The Spirit in a Global Village

One of the dramatic changes taking place in this time of transition in the world is that the world is shrinking. Air travel, economic globalization, the internet, and instant access to news and information from across the globe, has put the world literally in our hands.

We carry our smart phones around, and without even leaving Facebook we watch video of the buildings falling in during the earthquake in Nepal. We see ISIS smashing crosses from churches in Iraq. We see Rohingya people stuffed like sardines into the bottom of boats escaping persecution in Myanmar.

Now, instead of being distant and exotic mysteries, these people have become our global neighbors. Muslims are our neighbors; both Sunni and Shia. Buddhists and Hindus are part of our world.

Pentecost Questions

The question of Pentecost today, with its message of the globalization of the work of the Spirit, is about how much truth we will be able to bear. Will we, in our generation, be able to bear the idea that the circle of the work of God’s Spirit is wider than the circumference of the church?

Can we actually take on board the vision of Joel, for whom the Spirit was for all flesh, and the ministry of Paul for whom God was reconciling the world through Christ?Screen Shot 2015-05-22 at 8.25.41 PM
Can we accept that when people of other faiths report experiences of God, they are authentic? Can we, who experience the Spirit through Jesus, bear to allow that others’ experience the Spirit outside the context of religious structures?

Can we even embrace a holistic concept of the universe that understands that matter and energy are forms of the same cosmic stuff, making the distinction between the physical and spiritual world difficult to maintain? So that experiencing God in the bread and the cup at communion is as likely as experiencing God through the lens of the Hubble telescope?

Celebrate the Spirit of Truth

Today, we celebrate Pentecost; the birthday of the church. We celebrate our Christian tradition that has given us a vision of a loving God of grace, a worldwide message of reconciliation, and a Spirit-led hope for the future. We celebrate the church that gathers to bear witness to the ongoing power of the Spirit to make us, who were strangers to each other, into a family of caring and a community of mutuality; the impossible made possible.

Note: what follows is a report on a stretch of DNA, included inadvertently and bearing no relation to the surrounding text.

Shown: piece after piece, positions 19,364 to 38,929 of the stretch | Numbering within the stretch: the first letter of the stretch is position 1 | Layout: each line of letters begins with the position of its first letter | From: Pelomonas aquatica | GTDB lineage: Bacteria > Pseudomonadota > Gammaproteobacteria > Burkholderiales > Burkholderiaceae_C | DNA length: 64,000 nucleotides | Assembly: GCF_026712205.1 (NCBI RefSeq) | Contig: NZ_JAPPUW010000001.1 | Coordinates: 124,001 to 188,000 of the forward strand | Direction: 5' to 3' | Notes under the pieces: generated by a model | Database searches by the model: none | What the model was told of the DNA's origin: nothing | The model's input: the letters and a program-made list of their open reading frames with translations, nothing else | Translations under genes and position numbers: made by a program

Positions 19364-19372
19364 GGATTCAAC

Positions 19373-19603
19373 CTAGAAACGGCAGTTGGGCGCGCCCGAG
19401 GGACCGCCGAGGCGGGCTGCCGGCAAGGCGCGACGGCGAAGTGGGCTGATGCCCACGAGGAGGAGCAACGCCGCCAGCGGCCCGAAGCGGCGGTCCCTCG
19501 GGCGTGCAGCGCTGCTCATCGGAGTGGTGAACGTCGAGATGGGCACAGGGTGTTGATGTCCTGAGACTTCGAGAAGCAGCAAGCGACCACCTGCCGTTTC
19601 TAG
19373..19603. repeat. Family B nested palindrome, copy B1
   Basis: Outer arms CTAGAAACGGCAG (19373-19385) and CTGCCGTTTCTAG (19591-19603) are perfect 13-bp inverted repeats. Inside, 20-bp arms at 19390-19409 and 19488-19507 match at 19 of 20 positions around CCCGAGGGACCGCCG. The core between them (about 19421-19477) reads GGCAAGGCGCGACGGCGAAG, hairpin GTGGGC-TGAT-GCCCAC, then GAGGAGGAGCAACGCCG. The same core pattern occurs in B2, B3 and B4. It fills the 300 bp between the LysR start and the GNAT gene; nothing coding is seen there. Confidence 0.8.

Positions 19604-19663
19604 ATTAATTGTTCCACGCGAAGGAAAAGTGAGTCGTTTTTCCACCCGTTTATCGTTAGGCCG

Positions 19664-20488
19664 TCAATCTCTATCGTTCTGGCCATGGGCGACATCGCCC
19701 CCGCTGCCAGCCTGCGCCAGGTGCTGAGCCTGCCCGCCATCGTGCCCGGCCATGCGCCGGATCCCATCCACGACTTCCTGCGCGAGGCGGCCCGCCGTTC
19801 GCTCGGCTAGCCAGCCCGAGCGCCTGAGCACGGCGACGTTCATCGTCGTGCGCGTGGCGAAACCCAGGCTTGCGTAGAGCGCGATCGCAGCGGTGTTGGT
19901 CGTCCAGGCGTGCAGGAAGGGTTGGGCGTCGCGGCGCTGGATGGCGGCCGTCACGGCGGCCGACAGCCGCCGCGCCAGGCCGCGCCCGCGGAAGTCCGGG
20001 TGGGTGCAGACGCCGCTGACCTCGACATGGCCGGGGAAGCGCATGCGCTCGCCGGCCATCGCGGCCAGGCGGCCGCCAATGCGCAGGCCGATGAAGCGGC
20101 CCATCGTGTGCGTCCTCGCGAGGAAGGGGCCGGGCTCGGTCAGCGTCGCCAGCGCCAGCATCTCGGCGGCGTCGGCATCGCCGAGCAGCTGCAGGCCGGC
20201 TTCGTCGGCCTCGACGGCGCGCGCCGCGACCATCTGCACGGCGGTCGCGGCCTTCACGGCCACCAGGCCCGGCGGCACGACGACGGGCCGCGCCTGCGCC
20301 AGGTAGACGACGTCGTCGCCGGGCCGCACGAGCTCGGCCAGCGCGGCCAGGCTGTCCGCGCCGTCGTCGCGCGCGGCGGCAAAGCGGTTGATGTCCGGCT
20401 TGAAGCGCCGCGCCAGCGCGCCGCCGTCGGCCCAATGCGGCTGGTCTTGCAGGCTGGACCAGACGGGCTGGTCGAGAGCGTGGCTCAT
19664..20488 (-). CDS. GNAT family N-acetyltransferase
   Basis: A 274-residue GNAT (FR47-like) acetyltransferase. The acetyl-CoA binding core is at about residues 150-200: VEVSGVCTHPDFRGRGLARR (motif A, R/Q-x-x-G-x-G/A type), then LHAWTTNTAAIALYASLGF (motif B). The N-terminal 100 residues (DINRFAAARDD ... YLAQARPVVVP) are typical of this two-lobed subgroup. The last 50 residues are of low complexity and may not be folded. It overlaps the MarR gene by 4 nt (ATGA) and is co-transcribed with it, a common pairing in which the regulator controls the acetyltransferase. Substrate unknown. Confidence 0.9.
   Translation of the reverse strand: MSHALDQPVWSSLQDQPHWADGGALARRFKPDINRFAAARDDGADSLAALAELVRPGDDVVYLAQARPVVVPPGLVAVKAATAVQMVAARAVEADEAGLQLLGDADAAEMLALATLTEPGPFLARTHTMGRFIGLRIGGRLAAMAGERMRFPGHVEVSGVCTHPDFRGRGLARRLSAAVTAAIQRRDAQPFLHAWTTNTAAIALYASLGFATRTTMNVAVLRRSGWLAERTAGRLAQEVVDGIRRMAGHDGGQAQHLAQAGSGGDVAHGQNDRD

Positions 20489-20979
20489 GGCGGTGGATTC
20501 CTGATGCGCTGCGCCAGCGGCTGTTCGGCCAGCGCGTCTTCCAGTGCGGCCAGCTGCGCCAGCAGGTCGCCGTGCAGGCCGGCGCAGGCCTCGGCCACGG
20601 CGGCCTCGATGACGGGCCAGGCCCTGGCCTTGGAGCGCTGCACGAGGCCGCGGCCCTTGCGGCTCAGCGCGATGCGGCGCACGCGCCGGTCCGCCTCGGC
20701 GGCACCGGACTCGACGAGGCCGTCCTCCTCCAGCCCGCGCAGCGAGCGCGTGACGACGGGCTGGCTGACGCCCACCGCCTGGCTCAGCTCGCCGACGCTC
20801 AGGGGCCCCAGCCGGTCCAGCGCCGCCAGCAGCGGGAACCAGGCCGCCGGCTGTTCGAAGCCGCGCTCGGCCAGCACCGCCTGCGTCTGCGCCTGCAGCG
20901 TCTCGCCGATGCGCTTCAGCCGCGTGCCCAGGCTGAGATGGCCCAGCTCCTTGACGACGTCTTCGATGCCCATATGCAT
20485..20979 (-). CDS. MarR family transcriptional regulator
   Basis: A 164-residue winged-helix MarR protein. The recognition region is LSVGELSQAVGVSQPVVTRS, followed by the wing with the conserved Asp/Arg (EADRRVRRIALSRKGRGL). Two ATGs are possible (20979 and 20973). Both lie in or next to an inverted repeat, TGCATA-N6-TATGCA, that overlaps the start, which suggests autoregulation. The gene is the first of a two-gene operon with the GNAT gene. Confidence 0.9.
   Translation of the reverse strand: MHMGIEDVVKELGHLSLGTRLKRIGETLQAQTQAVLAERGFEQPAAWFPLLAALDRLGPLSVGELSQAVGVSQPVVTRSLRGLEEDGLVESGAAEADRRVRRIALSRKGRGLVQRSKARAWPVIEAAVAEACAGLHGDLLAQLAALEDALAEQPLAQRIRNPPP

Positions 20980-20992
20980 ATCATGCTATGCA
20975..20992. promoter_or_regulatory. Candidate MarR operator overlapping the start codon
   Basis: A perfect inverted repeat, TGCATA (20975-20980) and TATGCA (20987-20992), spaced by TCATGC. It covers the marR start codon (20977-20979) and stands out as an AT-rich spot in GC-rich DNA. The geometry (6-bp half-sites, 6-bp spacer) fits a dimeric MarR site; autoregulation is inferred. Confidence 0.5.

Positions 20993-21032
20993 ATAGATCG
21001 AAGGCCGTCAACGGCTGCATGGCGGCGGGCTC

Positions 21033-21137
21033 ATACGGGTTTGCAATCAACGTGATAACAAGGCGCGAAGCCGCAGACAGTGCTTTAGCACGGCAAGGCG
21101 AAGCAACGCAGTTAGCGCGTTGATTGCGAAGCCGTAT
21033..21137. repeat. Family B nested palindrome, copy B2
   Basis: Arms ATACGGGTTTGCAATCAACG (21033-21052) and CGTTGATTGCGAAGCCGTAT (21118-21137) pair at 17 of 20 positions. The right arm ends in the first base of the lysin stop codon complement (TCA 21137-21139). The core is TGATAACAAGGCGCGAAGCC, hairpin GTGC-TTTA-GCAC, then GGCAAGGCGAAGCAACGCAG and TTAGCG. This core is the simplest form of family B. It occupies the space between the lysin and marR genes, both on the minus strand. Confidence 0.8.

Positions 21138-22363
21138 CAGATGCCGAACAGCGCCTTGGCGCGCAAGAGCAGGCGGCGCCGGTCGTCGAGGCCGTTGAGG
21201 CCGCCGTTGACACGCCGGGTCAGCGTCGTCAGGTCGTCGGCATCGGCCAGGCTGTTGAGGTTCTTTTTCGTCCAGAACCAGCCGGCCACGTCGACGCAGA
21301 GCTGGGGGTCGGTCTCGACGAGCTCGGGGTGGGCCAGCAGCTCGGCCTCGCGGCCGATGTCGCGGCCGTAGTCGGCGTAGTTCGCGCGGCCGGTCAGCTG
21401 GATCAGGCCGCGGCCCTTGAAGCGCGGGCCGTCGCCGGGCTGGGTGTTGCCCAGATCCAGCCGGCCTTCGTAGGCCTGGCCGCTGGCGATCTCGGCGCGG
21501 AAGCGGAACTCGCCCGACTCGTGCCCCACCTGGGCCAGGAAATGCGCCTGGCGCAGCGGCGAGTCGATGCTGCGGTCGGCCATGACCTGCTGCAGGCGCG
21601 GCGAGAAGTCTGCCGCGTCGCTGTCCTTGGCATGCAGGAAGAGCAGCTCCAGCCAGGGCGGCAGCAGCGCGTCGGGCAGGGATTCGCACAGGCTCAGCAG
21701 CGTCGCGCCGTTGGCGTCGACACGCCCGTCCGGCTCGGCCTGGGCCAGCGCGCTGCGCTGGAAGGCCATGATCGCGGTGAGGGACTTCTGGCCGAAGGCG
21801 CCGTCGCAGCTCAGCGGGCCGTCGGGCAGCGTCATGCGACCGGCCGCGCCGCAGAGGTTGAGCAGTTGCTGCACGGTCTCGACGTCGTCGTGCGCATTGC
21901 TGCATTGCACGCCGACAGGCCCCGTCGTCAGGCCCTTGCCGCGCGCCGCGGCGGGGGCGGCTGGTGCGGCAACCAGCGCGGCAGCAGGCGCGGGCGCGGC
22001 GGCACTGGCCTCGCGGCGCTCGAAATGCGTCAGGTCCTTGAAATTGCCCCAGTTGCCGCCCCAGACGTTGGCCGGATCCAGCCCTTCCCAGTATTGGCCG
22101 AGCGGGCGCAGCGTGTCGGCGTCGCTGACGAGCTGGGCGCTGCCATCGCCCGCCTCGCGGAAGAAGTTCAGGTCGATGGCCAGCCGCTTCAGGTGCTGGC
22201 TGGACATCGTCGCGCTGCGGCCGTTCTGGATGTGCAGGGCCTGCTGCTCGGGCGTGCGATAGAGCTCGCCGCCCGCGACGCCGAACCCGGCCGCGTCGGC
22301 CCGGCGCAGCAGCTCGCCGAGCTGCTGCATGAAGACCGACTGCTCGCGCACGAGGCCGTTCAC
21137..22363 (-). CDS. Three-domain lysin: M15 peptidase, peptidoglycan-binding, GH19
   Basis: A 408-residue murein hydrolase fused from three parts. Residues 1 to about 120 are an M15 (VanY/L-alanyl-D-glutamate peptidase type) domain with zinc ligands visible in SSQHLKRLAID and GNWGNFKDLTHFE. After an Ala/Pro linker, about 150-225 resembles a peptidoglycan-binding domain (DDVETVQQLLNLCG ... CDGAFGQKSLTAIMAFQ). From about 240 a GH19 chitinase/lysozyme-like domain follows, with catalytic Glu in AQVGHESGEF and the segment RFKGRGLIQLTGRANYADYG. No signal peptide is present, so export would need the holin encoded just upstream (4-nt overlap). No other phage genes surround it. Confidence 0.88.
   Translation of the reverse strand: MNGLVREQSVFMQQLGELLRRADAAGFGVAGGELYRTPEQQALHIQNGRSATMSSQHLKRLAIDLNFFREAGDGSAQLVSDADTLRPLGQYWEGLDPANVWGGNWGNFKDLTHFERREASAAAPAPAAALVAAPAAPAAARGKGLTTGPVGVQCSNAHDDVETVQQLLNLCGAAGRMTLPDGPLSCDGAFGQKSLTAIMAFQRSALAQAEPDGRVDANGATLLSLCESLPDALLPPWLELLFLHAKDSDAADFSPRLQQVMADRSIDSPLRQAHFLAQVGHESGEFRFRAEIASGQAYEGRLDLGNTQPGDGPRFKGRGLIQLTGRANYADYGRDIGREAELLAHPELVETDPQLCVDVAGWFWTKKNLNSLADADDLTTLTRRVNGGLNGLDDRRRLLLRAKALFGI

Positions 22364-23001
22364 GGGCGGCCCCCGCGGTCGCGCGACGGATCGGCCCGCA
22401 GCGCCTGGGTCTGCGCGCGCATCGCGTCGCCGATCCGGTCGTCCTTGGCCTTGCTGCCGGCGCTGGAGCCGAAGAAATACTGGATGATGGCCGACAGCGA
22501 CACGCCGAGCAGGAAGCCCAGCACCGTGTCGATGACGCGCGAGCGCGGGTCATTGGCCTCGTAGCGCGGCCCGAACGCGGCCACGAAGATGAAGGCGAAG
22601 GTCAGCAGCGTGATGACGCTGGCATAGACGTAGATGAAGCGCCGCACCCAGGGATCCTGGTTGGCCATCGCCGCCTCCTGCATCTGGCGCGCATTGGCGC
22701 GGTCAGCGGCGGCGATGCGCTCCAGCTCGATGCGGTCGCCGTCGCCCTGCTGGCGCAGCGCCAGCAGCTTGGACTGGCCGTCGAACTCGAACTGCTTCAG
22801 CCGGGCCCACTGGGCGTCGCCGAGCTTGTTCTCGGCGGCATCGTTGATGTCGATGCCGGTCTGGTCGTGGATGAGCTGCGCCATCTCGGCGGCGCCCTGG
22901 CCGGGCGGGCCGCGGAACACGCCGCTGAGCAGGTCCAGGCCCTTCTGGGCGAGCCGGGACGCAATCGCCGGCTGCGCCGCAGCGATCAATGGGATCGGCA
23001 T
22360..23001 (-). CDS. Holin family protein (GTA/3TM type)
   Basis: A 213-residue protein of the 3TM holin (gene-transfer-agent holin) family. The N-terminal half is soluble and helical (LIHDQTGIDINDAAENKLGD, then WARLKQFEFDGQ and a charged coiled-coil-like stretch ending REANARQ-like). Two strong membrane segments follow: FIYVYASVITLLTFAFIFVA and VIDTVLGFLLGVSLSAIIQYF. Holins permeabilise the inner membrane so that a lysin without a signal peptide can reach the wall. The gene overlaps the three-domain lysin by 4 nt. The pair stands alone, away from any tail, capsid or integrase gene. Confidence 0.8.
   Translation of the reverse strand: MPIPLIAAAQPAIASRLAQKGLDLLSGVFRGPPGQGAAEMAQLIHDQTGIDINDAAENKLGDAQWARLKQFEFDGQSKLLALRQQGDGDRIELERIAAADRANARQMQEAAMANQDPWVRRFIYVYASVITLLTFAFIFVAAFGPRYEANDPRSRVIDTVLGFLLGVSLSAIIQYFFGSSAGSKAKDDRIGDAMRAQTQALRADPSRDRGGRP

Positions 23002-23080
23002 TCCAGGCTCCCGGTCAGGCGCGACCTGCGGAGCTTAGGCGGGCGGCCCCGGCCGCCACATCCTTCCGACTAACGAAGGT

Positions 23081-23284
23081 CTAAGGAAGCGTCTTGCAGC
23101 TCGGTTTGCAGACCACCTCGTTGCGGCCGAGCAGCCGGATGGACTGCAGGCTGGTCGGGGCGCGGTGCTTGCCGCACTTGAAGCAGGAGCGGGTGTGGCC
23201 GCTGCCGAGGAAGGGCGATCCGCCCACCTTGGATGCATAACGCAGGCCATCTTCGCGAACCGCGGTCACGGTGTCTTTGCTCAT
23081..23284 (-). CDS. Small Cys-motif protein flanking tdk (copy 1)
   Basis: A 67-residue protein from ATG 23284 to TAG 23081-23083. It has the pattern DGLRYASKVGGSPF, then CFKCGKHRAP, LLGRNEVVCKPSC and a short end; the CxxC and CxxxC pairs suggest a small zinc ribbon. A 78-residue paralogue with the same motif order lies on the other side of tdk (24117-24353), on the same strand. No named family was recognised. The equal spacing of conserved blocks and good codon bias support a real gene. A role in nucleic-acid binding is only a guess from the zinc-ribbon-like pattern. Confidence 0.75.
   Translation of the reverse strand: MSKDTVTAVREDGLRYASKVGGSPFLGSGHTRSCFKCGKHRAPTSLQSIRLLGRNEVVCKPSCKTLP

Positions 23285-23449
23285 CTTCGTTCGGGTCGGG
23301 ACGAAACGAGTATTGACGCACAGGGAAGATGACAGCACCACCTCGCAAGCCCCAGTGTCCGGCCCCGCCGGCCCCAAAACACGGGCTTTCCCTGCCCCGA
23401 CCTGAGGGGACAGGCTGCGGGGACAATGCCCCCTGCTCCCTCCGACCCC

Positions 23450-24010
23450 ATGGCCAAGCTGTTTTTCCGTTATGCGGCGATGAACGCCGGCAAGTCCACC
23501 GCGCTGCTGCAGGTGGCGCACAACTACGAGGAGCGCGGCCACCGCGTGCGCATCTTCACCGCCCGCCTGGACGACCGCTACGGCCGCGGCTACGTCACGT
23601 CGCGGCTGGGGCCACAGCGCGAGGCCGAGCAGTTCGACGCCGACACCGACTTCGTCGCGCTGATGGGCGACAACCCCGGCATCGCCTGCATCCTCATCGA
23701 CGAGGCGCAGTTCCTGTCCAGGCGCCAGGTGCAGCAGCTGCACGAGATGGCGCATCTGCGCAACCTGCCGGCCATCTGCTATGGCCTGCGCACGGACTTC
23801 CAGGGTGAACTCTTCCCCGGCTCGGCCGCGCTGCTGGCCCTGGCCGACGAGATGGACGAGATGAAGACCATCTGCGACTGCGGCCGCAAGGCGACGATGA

On Pentecost we celebrate the Spirit that is present to us personally, as we pray and meditate in silence, as we worship, as we do yoga, and as we live our days in mindfulness. And we celebrate the Spirit that is so powerfully present to us as a gathered community in the church.

This church gathering is where we take courage to embrace truths that are difficult to bear. And with renewed courage, we then ask the necessary followup questions: what is our role in this new global village?

What should our relationship be to people of other faiths or to no religious attachments? Can we love our Muslim neighbors? Can we accept that the Spirit is at work in the lives of non-religious people? Can we be open to the Spirit of truth continuing to guide us into all truth, believing that all truth is God’s truth? This is our hope and our prayer.

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On Not Abandoning the God Quest: to the Gradutates of the class of 2015

Gulf Shores High School Baccalaureate Service

Graduation is the modern equivalent of a rite of passage.  Whether you are staying at home and working or going to a Screen Shot 2015-05-16 at 2.48.14 PMcommunity college, and all the more so if you are leaving home for college or military service, graduation from high school is like stepping over a line into new territory.  You may or may not feel fully adult, but the world will treat you differently from now on.

When my son came home from college for the first time, we had an awkward moment.  After a nice supper back together, he said he was going out to hang out with some friends, so I asked who he would be with, and when he would be back.  Then after an brief pause it occurred to me that this old habit of mine was a bit pathetic now.  For the past few months he was away at school and I never knew who he was with or when he got back to the dorm.  He left behind  that old world of daddy and mommy needing to know and approve everything, and it was gone.  So, I said, “Never mind, just be safe, and try not to wake up your mother when you get in.”

Leaving Behind

You are going to be leaving behind a lot, very soon.  Many of you are going out of town.  You will leave behind your parents, your community, your friends, the teachers and coaches and pastors who know you by name.  Even those not leaving town will have left the cocoon of high school.  The fact that lots of others have left town will make the town you stay in different.  The old one is left behind.

But you have done this a lot, already.  You have already left the tooth fairy behind, probably by third grade.  You left behind Santa Clause long ago.  And you have left behind the silly notion that you can get through life without having your heart broken.  You have grown up.  That is good.

Speaking of God

At graduation Tuesday you are going to hear speeches that will typically encourage you to “go out with courage” to “follow your dreams” and “be all you can be.”  That is fine, but they will not talk about God, so this is our one chance.  I need to take it.

A year from now, according to all the trends, some of you who believe in God now, will be calling yourselves atheists.  You will have concluded that God needs to be left behind just like the Tooth Fairy and Santa Clause.  This is my one shot to talk about that.